The Blog

Follow along as we work towards systems change and help create better outcomes for kids in our community.

Get Involved!

October 01, 2014

One of the questions we’ve been getting a lot here at the #wpgboldness project is “how do I get involved?”

That’s a great question and one that we love to hear! The following is a list of ways to get involved with our project right now!
1. Join our Parent Guide Group

Our parent guide group will meet monthly and be made up of community parents and caregivers who want to help create great outcomes for kids.
2. Contribute to our Community Mapping Activity

Community mapping is a visual activity where a geographical map is used to tell a story about someone or something. Have your story told and help contribute to our research!
3. Participate in our PhotoVoice Activity

PhotoVoice consists of taking pictures of things that are important to you in your neighbourhood and then telling stories to go along with the photos. No previous experience with cameras is required and all equipment is provided!
4. Take Part in a Video Interview and Tell Your Story

We’re going to be creating a series of videos focused on the North End and all the great things/people in this community. Sign up to be interviewed and tell us your story!
If any or all of these things sound interesting to you and you would like to get involved please email us at or give us a call at (204) 790-BOLD (2653). You can also drop by our office at 607 Selkirk Avenue!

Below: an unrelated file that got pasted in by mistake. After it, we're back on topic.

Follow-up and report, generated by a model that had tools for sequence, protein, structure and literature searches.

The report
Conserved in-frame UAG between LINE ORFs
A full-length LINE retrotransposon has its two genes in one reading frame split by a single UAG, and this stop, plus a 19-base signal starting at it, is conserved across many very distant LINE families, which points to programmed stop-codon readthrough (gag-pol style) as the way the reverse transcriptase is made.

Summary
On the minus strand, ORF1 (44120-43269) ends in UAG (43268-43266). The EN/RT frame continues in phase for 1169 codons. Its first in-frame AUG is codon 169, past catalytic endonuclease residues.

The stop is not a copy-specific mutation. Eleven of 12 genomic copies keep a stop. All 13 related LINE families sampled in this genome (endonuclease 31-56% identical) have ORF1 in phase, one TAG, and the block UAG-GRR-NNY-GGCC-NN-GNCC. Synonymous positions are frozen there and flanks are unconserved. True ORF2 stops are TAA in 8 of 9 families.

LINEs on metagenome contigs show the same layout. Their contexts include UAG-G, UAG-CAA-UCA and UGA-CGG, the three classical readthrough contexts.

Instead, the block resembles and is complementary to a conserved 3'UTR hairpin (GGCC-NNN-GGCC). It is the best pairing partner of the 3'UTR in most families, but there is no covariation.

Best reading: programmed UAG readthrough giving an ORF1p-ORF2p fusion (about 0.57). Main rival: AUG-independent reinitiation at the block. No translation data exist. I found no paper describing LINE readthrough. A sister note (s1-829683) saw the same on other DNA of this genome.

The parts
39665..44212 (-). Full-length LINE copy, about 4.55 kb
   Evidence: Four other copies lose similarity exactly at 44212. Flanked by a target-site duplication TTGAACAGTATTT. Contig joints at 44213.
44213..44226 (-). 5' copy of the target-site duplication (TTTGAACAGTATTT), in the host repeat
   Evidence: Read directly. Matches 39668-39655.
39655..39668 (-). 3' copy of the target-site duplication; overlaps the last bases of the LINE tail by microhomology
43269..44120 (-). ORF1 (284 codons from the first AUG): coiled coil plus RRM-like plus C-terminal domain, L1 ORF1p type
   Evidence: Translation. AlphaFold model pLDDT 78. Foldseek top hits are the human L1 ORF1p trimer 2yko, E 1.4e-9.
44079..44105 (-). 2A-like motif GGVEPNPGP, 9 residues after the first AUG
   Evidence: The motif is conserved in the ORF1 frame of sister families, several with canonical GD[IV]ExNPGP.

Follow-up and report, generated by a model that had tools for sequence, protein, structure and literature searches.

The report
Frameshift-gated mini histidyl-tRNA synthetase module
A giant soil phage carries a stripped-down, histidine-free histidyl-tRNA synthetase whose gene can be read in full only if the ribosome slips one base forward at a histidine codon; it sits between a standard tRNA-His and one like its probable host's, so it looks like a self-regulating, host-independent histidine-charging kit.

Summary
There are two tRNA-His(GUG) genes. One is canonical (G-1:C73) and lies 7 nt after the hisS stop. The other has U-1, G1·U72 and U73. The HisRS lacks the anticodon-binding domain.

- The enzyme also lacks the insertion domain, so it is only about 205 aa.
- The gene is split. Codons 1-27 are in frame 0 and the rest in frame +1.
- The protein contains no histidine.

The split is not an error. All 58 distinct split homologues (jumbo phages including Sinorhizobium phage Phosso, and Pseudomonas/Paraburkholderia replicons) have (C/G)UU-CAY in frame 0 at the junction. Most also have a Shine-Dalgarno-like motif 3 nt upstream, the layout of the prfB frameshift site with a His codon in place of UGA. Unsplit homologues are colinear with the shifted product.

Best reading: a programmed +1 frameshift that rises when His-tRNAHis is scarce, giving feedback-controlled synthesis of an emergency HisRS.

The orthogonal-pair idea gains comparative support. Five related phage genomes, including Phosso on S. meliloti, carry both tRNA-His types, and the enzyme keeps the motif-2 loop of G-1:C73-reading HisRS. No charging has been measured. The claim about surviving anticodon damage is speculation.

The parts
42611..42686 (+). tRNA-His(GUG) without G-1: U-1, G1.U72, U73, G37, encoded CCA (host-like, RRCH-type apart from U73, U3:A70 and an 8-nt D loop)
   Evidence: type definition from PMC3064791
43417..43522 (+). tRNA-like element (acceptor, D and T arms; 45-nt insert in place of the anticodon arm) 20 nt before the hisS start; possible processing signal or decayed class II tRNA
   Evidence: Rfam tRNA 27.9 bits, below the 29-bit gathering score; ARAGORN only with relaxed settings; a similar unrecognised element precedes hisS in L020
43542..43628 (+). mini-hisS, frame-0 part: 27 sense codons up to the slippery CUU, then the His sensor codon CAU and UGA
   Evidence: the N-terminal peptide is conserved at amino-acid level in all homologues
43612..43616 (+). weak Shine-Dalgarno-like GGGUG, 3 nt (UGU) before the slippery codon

We hope to hear from you soon!

Land Acknowledgement

The Winnipeg Boldness Project resides in and works on the ancestral, traditional, and contemporary lands of the Anishinaabeg (Ojibwe), Anishinabewaki (Oji-Cree), Dené, Michif Piyii (Métis), Nêhiyawak (Cree), and Očhéthi Sakowin (Dakota). We recognize that we have benefited from and continue to benefit from colonization on the Treaty 1, Treaty 3, and Treaty 5 Territories.

It is important to also acknowledge how we benefit in this territory at the cost to Indigenous Peoples. Winnipeg has been drinking clean water for over a century via an aqueduct from Shoal Lake. In 1917, 3000 acres of Treaty 3 was declared property of the city of Winnipeg to build the aqueduct. This aqueduct was built over ancestral burial ground, to build these structures, the ancestors were disinterred and reburied. Construction of the aqueduct changed the waters significantly, causing the peninsula to become a man-made island. This now isolated Nation faced many challenges as a direct result from this aqueduct; Necessities like water, groceries, schools, and mail were only accessible via the dangerous trek to the mainland. Lives of adults and children were lost crossing to and from the mainland. Freedom Road, an all-weather road access finally opened summer 2019, over a century after displacement. This road, a testament to the success of Indigenous-led solutions, helps bring materials to build schools and a water treatment plant.

“I always think of it, even when I turn on the tap I’m like this comes from our community and this water probably contains our ancestors and the spirits of our ancestor. I think about the hardships of the people from Shoal Lake 40 who have gone through so many things for the benefit of Winnipeg’s drinking water,” says Angelina McLeod.1

Another benefit we reap in Winnipeg at a cost to Indigenous Peoples and land is the Hydro Electricity Development in Treaty 5. To optimize water movement for greatest power production the Province of Manitoba increased waterflow by creating the Churchill River Diversion in 1976. The modification of the waterflow caused flooding, shoreline erosion, and changes to water quality. This destruction of habitat has caused disruption to waterway travel, fishing, and hunting.